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Chinese Innovations Could Reclaim Huge Regions for Farming

Chinese Innovations Could Reclaim Huge Regions for Farming



A report prepared for the Federation of American Scientists identifies effective, fast-working Chinese methods that can return degraded lands in South China to productive agriculture, reduce dangerous flooding and landslides, and play a key role in blocking climate change.

An area of South China, about the size of California and once covered with dense forests, has been severely damaged and in some place reduced to near desert conditions from forest clearing and poor agricultural practices. "Chinese research that has received little attention even within China, provides key tools for restoring degraded lands to prosperous agriculture while addressing some of the world's most pressing environmental issues," says Dr. Walter Parham, the report's author. "The Chinese would welcome joint projects with U.S. scientists to refine these methods and test them in South China. The results would be directly useful to land restoration efforts in many parts of the world - including those of the U.S."

The Chinese have developed innovative, combined forestry and farming practices that can reestablish vegetation even on land where the topsoil has washed away and where a hostile environment exists for growing plants. The techniques work quickly, are fast, and allow farmers to improve their earnings in 1-3 years.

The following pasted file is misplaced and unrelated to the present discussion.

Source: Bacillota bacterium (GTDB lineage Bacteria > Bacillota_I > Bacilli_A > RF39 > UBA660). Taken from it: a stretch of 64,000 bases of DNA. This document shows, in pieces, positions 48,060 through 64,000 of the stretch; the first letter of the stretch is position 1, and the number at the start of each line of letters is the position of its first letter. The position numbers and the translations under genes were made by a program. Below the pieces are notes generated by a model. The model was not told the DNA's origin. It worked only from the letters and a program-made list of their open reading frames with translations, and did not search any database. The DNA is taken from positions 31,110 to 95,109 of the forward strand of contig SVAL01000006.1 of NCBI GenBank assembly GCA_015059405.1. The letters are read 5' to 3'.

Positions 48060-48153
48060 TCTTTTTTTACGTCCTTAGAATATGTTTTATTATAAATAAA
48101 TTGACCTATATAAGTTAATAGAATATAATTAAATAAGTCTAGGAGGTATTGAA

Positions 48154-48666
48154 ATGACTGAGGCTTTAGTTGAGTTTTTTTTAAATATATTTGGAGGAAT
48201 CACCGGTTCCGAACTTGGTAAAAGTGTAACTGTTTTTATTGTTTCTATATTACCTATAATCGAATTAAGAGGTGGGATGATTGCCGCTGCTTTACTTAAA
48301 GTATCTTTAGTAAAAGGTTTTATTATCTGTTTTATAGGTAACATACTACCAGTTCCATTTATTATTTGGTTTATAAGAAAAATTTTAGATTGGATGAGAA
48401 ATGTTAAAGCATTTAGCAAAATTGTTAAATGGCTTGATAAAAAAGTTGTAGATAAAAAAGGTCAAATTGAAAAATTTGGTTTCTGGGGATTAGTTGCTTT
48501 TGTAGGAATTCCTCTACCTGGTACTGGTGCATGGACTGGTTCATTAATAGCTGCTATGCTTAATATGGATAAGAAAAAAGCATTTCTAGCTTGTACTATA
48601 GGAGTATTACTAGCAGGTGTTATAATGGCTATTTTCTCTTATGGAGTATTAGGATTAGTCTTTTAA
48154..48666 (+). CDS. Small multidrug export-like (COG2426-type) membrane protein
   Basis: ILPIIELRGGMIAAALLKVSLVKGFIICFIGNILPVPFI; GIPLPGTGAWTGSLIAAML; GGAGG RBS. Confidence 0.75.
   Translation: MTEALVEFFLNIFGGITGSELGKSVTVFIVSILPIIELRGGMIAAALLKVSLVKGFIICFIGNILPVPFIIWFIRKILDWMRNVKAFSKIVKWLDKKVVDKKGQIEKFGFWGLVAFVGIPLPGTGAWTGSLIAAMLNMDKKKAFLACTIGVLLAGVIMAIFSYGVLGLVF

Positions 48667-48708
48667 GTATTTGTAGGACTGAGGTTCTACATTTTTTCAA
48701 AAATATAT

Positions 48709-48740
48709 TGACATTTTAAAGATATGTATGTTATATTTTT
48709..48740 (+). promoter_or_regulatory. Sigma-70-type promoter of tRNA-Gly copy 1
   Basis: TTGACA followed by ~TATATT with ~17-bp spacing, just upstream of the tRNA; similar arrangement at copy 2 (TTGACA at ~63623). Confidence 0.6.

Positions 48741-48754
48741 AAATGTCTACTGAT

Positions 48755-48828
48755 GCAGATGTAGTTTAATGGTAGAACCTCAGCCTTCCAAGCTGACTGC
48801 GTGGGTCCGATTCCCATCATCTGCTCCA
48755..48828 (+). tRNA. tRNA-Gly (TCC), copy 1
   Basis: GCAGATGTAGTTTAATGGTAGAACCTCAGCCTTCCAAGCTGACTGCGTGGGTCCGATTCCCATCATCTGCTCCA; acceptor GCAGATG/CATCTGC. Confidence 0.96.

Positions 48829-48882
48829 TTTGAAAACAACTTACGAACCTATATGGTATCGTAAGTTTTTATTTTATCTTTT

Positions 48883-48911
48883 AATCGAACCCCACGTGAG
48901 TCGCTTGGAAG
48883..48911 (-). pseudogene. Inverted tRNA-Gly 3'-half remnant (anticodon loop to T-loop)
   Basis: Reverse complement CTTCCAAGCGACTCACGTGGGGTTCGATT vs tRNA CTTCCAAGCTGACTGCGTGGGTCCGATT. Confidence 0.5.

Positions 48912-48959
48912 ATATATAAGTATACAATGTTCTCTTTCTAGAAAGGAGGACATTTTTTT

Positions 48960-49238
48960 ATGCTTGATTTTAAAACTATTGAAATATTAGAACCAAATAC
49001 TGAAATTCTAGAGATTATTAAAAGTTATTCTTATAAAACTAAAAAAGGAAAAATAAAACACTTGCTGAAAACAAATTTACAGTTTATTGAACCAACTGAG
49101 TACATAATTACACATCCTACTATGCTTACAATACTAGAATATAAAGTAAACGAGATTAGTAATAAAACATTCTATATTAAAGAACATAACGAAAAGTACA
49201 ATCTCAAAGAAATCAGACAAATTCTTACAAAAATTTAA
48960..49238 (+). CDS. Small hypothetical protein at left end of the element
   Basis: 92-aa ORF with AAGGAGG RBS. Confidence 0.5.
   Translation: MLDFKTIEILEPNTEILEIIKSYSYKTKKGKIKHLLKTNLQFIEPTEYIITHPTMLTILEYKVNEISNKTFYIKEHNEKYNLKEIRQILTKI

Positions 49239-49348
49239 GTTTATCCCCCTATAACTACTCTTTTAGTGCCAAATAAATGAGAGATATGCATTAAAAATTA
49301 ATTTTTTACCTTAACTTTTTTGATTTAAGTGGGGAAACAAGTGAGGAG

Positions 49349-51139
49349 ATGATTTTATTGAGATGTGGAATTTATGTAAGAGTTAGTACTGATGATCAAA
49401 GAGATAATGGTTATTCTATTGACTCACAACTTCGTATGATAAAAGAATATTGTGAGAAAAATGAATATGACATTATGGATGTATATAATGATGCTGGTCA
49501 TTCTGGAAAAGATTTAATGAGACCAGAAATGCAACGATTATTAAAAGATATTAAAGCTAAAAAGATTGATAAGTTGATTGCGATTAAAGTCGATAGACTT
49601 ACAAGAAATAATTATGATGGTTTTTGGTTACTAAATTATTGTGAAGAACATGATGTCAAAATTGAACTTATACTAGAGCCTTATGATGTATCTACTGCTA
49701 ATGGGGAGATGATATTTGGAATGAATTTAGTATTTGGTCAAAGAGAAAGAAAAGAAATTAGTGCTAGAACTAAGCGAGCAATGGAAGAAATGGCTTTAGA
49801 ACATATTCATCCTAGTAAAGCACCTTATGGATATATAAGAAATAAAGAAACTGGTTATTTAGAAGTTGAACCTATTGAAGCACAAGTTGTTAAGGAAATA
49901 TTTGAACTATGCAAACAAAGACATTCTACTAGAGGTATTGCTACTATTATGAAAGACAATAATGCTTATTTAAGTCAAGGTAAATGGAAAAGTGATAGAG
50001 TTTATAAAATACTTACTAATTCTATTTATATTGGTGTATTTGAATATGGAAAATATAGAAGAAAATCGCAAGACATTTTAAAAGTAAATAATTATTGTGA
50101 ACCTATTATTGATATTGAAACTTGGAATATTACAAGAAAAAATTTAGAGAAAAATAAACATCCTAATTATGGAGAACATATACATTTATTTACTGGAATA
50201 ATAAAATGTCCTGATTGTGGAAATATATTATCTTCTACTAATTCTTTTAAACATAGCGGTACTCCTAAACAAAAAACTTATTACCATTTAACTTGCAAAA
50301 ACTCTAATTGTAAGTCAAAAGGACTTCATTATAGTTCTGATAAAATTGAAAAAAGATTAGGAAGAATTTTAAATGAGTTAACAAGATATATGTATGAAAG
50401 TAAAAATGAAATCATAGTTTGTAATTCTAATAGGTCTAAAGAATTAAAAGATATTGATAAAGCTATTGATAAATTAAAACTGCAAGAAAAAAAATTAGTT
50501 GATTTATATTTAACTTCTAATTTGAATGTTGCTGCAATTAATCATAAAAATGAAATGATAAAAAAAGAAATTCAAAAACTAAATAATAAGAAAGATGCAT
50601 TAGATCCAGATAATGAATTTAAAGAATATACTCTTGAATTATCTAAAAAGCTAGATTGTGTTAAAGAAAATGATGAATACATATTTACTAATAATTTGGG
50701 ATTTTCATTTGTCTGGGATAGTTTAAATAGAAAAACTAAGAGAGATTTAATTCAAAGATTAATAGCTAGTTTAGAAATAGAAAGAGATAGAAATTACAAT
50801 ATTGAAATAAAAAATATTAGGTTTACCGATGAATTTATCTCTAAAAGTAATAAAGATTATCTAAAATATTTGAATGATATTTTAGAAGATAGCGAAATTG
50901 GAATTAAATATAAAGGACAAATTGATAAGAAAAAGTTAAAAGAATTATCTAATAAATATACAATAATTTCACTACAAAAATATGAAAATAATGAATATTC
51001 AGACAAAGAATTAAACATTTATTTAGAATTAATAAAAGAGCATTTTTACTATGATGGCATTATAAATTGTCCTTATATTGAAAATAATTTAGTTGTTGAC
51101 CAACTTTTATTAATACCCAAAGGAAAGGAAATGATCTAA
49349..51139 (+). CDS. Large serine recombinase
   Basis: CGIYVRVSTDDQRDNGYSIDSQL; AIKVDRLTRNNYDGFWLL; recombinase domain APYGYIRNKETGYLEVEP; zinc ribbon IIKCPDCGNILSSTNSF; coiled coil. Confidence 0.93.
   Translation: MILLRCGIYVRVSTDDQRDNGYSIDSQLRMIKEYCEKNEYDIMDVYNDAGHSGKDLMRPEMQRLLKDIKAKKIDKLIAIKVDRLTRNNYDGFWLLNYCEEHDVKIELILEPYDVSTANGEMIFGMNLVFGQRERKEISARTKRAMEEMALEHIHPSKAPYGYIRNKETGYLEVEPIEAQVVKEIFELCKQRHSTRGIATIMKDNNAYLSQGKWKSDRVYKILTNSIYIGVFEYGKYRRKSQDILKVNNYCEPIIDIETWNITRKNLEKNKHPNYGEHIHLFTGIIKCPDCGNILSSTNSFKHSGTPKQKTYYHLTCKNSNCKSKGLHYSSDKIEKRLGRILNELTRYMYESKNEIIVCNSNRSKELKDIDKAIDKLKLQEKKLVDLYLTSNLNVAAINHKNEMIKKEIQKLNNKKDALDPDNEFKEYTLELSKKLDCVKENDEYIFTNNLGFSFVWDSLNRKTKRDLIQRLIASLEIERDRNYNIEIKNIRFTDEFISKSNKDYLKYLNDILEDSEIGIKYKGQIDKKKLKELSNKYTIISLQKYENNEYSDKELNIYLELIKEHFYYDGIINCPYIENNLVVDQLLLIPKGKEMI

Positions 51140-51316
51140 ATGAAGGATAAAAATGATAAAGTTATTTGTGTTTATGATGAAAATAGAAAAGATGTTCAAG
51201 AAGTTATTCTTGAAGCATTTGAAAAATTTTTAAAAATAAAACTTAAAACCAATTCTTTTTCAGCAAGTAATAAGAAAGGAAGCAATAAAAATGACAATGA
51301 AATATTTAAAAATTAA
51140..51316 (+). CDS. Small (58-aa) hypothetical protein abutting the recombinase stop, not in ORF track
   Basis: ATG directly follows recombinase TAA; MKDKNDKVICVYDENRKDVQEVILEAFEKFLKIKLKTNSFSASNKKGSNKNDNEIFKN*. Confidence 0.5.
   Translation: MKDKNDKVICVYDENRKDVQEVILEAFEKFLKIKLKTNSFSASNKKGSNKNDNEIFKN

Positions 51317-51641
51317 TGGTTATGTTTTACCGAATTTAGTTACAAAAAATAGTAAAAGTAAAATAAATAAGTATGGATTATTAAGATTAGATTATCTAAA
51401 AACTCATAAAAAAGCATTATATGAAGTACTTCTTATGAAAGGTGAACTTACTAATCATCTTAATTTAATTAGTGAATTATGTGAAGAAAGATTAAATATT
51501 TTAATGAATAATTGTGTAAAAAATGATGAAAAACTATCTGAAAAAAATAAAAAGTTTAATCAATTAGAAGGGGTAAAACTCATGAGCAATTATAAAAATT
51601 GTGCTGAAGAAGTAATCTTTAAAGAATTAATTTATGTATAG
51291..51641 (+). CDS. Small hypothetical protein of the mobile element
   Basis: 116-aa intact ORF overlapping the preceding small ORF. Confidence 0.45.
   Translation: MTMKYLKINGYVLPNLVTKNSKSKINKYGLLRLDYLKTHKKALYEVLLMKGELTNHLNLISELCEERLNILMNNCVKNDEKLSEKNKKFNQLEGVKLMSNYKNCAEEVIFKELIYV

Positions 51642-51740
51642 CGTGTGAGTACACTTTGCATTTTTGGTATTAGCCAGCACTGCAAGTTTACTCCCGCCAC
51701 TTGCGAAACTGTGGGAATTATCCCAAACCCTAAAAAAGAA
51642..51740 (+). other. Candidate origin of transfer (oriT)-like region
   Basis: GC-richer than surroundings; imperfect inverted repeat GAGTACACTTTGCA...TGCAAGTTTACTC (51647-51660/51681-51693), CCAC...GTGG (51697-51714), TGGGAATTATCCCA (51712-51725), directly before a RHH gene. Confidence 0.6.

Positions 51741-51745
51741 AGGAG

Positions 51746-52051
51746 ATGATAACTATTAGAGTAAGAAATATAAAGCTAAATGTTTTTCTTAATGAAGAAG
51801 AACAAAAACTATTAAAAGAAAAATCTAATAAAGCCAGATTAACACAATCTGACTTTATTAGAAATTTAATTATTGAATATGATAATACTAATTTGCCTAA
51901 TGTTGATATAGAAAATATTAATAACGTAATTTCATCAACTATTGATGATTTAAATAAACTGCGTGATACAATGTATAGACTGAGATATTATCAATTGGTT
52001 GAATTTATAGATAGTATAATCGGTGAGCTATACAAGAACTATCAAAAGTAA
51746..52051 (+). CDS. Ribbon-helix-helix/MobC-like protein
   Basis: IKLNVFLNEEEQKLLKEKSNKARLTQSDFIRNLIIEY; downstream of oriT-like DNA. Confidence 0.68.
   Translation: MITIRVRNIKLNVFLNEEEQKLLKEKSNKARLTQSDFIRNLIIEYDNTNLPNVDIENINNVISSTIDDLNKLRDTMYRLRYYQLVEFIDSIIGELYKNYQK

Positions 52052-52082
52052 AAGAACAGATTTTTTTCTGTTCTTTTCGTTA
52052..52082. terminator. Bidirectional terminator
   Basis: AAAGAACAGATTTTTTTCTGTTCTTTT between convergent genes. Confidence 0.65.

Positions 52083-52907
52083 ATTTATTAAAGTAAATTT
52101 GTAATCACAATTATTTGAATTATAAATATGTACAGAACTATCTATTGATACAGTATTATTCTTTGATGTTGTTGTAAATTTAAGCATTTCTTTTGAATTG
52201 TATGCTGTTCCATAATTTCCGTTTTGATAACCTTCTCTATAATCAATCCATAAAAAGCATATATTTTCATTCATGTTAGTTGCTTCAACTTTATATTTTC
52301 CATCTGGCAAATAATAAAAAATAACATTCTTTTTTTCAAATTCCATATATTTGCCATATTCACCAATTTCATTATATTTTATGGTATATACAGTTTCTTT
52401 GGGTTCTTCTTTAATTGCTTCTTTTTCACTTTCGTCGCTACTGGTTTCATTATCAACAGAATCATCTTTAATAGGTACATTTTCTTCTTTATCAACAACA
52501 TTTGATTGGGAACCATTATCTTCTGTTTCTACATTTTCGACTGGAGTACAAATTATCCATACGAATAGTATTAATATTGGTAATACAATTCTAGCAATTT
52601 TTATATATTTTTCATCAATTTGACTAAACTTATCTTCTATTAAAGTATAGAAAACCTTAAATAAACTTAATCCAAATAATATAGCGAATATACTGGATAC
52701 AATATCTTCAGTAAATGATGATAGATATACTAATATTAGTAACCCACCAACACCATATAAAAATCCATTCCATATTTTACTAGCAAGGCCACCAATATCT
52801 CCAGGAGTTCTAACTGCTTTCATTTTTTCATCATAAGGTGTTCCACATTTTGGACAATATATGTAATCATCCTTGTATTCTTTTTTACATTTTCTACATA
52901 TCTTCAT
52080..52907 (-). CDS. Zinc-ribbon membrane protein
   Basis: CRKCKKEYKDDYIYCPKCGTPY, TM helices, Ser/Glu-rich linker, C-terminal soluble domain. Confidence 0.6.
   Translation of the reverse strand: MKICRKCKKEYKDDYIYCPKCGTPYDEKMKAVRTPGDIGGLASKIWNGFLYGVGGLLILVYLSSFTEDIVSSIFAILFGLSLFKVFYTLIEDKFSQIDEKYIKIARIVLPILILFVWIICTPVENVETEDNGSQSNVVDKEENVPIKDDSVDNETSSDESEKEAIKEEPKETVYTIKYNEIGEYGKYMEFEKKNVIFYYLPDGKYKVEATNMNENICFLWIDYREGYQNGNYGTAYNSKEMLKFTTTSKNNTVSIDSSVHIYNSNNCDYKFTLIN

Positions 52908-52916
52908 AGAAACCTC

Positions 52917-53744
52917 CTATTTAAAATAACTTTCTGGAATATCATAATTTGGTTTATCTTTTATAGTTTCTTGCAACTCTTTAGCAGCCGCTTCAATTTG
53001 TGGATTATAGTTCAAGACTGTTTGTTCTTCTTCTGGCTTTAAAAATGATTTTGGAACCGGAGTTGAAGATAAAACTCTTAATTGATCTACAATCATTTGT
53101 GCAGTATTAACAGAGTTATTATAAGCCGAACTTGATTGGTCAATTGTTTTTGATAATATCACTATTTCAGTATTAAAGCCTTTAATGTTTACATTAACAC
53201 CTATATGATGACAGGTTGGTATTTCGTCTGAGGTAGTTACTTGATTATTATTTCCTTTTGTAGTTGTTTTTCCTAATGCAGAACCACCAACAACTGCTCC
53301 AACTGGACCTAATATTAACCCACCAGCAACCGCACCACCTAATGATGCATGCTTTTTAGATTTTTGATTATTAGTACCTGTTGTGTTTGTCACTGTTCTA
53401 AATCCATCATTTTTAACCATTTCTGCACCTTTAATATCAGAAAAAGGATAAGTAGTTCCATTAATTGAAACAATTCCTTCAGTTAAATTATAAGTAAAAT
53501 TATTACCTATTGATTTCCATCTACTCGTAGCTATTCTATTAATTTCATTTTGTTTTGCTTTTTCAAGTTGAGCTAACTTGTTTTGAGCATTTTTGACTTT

Restoration efforts are critical for South China struggling to reconcile a growing population and a shrinking arable-land resource. The per capita arable land in some parts of South China today is only about the size of a tennis court.

The process of restoring vegetation and soil quality also pulls large amounts of the greenhouse gas carbon dioxide out of the atmosphere. Restoring land in Southern China could remove nearly as much carbon dioxide each year as US autos produce.

"New approaches to land restoration in South China create economic opportunities and could yield enormous regional and global environmental benefits," says Parham, "They provide a unique common ground for cooperative US-Chinese research."

Click here for full text of analysis. The report and a collection of related photographs and background material can be found on the FAS website at


Scientists who built the first atomic bomb founded the Federation of American Scientists in 1945. More than half of the current American Nobel Laureates today serve on the FAS Board of Sponsors. FAS conducts research, analysis, and advocacy on public policy issues created by advances in science and technology (see

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